The U.S. Department of Labor every Thursday releases its weekly unemployment applications aid report. And every Thursday, we watch with some amusement as certain news outlets try to spin the numbers in a positive light.
For instance, just a few weeks ago, when the Labor Department announced initial claims jumped by 22,000, a certain source claimed that this increase suggested “modest hiring.”
We hate to be the bearers of bad news, but things are still tough out there. True, the Dow and the S&P have in recent weeks seen an explosion in activity (a very welcome change indeed), but this doesn’t necessarily mean that the economy is booming.
Indeed, between rising gas prices, the Fed’s worries over its open-ended $85 billion monthly bond purchases, Q4’s miniscule 0.1 percent growth, and the largest monthly decline in personal income in the last 20 years, we’re going to go out on a limb here and say that this economy isn’t exactly on the “upswing.”
There’s still a lot of work to be done.
But don’t take our word for it. Here are eight signs that U.S. consumers and businesses are still struggling [via The Economic Collapse]:
1. Credit Cards
According to one brand new survey, 24 percent of all Americans have more credit card debt than money in the bank.
2. Retail Giant Continues to Struggle
J.C. Penney was once an unstoppable retail powerhouse, but now J.C. Penney has just posted its lowest annual retail sales in more than 20 years…
J.C. Penney Co. (JCP) slid the most in more than three decades after the department-store chain lost $4.3 billion in sales in the first year of Chief Executive Officer Ron Johnson’s turnaround plan.
The shares fell 18 percent to $17.40 at 11:28 a.m. in New York after earlier declining 22 percent, the biggest intraday drop since at least 1980, according to data compiled by Bloomberg. J.C. Penney yesterday said its net loss in the quarter ended Feb. 2 widened to $552 million from $87 million a year earlier. The Plano, Texas-based retailer’s annual revenue slid 25 percent to $13 billion, the lowest since at least 1987.
How much worse can things get? At this point the decline has become so steep for J.C. Penney that Jim Cramer of CNBC is declaring that they are in “a true tailspin“.
3. Car Purchases
In the United States today, a new car has become out of reach for most middle class Americans according to the 2013 Car Affordability Study…
Looking to buy a new car, truck or crossover? You may find it more difficult to stretch the household budget than you expected, according to a new study that finds median-income families in only one major U.S. city actually can afford the typical new vehicle.
The typical new vehicle is now more expensive than ever, averaging $30,500 in 2012, according to TrueCar.com data, and heading up again as makers curb the incentives that helped make their products more affordable during the recession when they were desperate for sales. According to the 2013 Car Affordability Study by Interest.com, only in Washington could the typical household swing the payments, the median income there running $86,680 a year.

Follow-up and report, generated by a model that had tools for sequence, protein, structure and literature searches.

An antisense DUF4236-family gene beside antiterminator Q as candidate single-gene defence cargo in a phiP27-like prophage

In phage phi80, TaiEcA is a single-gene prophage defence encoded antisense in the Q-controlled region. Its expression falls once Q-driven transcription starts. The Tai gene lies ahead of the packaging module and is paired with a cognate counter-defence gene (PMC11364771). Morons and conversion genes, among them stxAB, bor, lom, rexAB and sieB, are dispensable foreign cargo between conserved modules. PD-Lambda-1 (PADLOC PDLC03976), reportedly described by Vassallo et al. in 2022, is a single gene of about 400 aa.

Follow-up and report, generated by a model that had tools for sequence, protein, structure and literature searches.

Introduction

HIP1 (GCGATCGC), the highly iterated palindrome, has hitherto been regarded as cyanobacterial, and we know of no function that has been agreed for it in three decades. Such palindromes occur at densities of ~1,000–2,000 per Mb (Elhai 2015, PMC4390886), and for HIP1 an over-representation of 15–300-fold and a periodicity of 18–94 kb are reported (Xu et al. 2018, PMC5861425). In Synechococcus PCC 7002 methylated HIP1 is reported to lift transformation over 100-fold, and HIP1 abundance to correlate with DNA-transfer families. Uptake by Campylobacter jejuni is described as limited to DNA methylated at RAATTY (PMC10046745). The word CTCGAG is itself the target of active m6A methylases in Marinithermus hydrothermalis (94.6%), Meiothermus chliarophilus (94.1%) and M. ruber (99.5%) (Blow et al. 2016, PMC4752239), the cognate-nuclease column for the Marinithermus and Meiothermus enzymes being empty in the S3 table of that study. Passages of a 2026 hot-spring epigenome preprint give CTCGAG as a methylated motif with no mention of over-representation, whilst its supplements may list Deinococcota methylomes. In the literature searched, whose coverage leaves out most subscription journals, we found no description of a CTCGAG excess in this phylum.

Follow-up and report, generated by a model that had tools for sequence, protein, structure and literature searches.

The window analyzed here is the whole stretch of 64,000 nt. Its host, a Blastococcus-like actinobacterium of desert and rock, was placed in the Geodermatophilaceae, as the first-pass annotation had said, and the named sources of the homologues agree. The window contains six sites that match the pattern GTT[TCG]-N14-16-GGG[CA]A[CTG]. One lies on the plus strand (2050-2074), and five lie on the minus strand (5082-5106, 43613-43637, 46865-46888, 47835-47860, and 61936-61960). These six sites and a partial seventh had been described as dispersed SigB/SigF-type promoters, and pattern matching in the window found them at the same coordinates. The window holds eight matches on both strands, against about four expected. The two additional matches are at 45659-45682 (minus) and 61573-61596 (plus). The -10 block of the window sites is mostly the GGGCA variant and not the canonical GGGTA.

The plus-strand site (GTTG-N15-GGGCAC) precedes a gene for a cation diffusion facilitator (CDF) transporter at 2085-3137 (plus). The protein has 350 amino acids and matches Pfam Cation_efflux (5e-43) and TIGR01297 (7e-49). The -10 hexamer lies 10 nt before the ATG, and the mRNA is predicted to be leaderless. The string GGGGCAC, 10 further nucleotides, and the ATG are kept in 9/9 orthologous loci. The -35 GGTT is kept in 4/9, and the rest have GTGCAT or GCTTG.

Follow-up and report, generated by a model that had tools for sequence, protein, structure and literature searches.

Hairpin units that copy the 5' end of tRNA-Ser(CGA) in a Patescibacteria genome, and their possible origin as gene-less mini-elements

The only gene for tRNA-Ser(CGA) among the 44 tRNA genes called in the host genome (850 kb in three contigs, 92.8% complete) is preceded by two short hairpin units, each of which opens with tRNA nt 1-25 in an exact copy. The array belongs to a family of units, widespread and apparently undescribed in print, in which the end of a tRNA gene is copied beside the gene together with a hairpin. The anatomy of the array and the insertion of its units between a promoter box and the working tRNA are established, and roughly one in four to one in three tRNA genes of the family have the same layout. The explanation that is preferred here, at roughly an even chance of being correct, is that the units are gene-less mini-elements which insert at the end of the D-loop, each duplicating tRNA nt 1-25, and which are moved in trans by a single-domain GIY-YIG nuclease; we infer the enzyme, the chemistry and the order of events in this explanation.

The founder of Subway Restaurants, Fred Deluca, says that the recent tax increases are having a noticeable impact on his business…
“The payroll tax is affecting sales. It’s causing sales declines,” he said, estimating a decline of about 2 percentage points off sales at his restaurants. “There are a lot of pressures on consumers,” Deluca said, adding “I think this is on the permanent side, but I think business will adjust to it.”
5. Restaurants Struggling
Many other large restaurant chains are also struggling in this tough economic environment…
Darden Restaurants, which owns the casual dining chains Oliver Garden, LongHorn Steakhouse and Red Lobster, said blended same-store sales at its three eateries would be 4.5 percent lower during its fiscal third quarter.
Clarence Otis, Darden’s chairman and chief executive, said that “while results midway through the third quarter were encouraging, there were difficult macro-economic headwinds during the last month of the quarter.”
“Two of the most prominent were increased payroll taxes and rising gasoline prices, which together put meaningful pressure on the discretionary purchasing power of our guests,” he added.
6. Family Dollar
The CFO of Family Dollar recently admitted to CNBC that this is a “challenging time” because of reduced consumer spending…
At Family Dollar where the average customer makes less than $40,000 a year, the combination of a two-percent hike in the payroll tax, rising gas prices and delayed tax refunds has created a “challenging time and an uncertain time for the consumer right now,” said Mary Winston, the company’s chief financial officer.
“In our case, anything that takes money out of our customer’s wallet gives them less money to spend in our stores,” she told CNBC. “So I think all of those things create nervousness for the consumer, and I think there are sometimes political dynamics going on that they might not even fully understand the details, but they know it’s not good.”
7. Sad Face
Evelin Cruz, a department manager at the Wal-Mart Supercenter in Pico Rivera, California, said Simon’s comments from the officers’ meeting were “dead on.”
“There are gaps where merchandise is missing,” Cruz said in a telephone interview. “We are not talking about a couple of empty shelves. This is throughout the store in every store. Some places look like they’re going out of business.”
This all comes on the heels of an internal Wal-Mart memo that was leaked to the press earlier this month that described February sales as a “total disaster”.
8. Best Buy
Electronics retailer Best Buy continues to struggle mightily. Best Buy just announced that it will be eliminating 400 jobs at its headquarters in Richfield, Minnesota.
Follow Becket Adams (@BecketAdams) on Twitter
Featured image courtesy Getty Images.